Biblical commentators have puzzled for centuries over Moses’ numerous countings of the Jewish people. In Hebrew, the book of Torah is called Bamidbar (In the Desert), but its name in the Talmud is “The Book of Counting” (Sotah 36b). We know it as Numbers, because of the repeated census-takings in this book.
Even stranger, Moses did not initiate these countings, they were requested by God. But surely the omnipotent creator knew the results before the counting began. And even if, for whatever reason, it was necessary for Moses to know the result, why not simply spare Moses the trouble and inform him exactly how many Jews there were?
Making this even more perplexing is that Judaism generally frowns on counting people, which is why one hears in shul “not one, not two…” when counting for a minyan. Additionally, according to the noted Jewish comedian Jackie Mason, having your child grow up to be an accountant is only the reluctant third choice for Jewish parents. “If he’s brilliant, a doctor. Second choice, a lawyer. And if he’s got no brains at all, an accountant.”
Yet it seems God tried to make Moses, the rabbi par excellence, into an accountant. In Exodus we find Moses being told to count the Jews, followed by an accounting of every last donation of gold, silver and copper for the tabernacle. And now he’s asked to count the people again?
Furthermore, we find later in history that God disapproved of King David’s census-taking. So we are left to wonder why, in the time when it was most unnecessary, since God was in communication with Moses as with no other human in history, do the most countings take place?
The great biblical commentator Rashi (1040-1105) provides an interesting psychological insight. Counting something shows affection and attachment even when one knows precisely the end result of the counting. (Think of the thing people like to count the most often). Thus the entire exercise is a demonstration of God’s affection for his people — he wants them to know he’s keeping count of them. And each one is of value.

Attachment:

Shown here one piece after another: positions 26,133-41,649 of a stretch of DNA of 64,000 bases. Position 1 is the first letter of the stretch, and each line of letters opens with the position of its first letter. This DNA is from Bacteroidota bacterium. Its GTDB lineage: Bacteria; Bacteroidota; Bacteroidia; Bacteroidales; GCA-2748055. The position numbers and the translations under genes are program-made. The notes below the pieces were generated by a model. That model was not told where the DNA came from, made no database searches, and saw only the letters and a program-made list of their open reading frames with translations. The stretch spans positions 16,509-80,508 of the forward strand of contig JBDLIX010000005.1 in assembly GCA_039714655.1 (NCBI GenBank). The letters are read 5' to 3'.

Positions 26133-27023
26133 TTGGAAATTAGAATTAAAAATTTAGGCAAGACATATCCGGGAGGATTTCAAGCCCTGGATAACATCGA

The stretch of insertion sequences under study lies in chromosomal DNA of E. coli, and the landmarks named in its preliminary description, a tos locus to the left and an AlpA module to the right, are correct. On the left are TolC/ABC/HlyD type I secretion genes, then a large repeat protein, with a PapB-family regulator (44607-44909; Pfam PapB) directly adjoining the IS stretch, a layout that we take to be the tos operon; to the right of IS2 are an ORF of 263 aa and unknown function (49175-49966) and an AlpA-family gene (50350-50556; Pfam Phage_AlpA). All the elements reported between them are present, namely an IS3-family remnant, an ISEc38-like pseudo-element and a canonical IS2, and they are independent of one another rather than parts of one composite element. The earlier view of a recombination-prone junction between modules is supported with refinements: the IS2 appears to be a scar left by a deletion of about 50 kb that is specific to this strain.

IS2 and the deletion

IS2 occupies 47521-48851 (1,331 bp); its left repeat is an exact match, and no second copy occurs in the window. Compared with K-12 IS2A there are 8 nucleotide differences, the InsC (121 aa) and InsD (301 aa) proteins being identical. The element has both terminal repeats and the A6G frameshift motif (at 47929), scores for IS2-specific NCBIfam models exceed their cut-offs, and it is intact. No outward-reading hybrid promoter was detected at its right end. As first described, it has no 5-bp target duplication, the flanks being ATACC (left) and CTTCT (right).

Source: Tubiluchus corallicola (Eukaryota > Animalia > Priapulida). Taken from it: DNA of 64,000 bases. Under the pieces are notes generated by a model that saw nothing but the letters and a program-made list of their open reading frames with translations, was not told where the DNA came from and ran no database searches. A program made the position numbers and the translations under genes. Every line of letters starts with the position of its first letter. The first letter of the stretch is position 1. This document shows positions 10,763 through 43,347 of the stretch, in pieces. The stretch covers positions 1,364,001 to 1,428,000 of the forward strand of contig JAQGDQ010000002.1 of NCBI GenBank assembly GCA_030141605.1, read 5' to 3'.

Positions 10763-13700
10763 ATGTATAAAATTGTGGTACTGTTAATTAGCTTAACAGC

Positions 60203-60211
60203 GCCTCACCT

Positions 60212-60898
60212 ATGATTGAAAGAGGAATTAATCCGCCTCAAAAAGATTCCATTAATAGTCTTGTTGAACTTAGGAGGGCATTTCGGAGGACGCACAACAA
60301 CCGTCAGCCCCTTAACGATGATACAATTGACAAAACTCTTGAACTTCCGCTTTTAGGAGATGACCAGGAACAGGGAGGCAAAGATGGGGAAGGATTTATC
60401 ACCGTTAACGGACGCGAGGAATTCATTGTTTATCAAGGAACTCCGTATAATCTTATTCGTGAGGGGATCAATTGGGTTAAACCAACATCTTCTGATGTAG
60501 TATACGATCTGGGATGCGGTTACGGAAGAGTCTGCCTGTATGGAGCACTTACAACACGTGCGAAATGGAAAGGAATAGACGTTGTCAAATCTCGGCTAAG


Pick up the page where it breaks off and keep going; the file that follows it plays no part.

Additionally, our sages compare the relationship between God and the Jewish people to a marriage of a bride and groom. Relationship experts remind couples to reaffirm through word and deed how much they mean to each other, even though both parties certainly know they already love each other and are acutely aware of their commitment to each other. How much more so in the marriage between us and God, where we don’t (always) get immediate feedback from the Almighty. It means the world to us to know that God does not take the relationship for granted.
This gives us an added insight into the importance of daily prayer. For many, it’s a tedious and redundant ritual, and we can wonder why we need to mouth the same words every day when God already knows what’s in our hearts and minds? But the conversation isn’t a one-way street. We need to realize that it’s important for us to reaffirm to our spouse what we want communicated to us constantly — that we are loved, and that we matter. For no matter how many times we have heard and said those precious words, one can never tell loved ones “I love you” too many times.
Especially poignant, this weekend is our wedding anniversary (number 3327) in that we celebrate the festival of Shavuot, marking the revelation at Sinai and God’s giving of the Torah to the Jewish people. The Talmud teaches that this awesome moment was actually our wedding, with Mount Sinai serving as a wedding canopy and the Ten Commandments as the ketubah.
There is beautiful prayer we recite every morning while donning the tefillin that reaffirms our relationship with God as the greatest love story in history. Taken from the final verses in this week’s haftorah from the Prophet Hosea, it is a love poem where, in a sense, we renew our wedding vows every day.
“And I will betroth you to me forever, and I will betroth you to me with righteousness, justice, kindness, and mercy. I will betroth you to me with fidelity, and you shall know (me) the Lord.”
Rabbi Shlomo Zarchi is the spiritual leader of Congregation Chevra Thilim in San Francisco. He can be reached at firstname.lastname@example.org.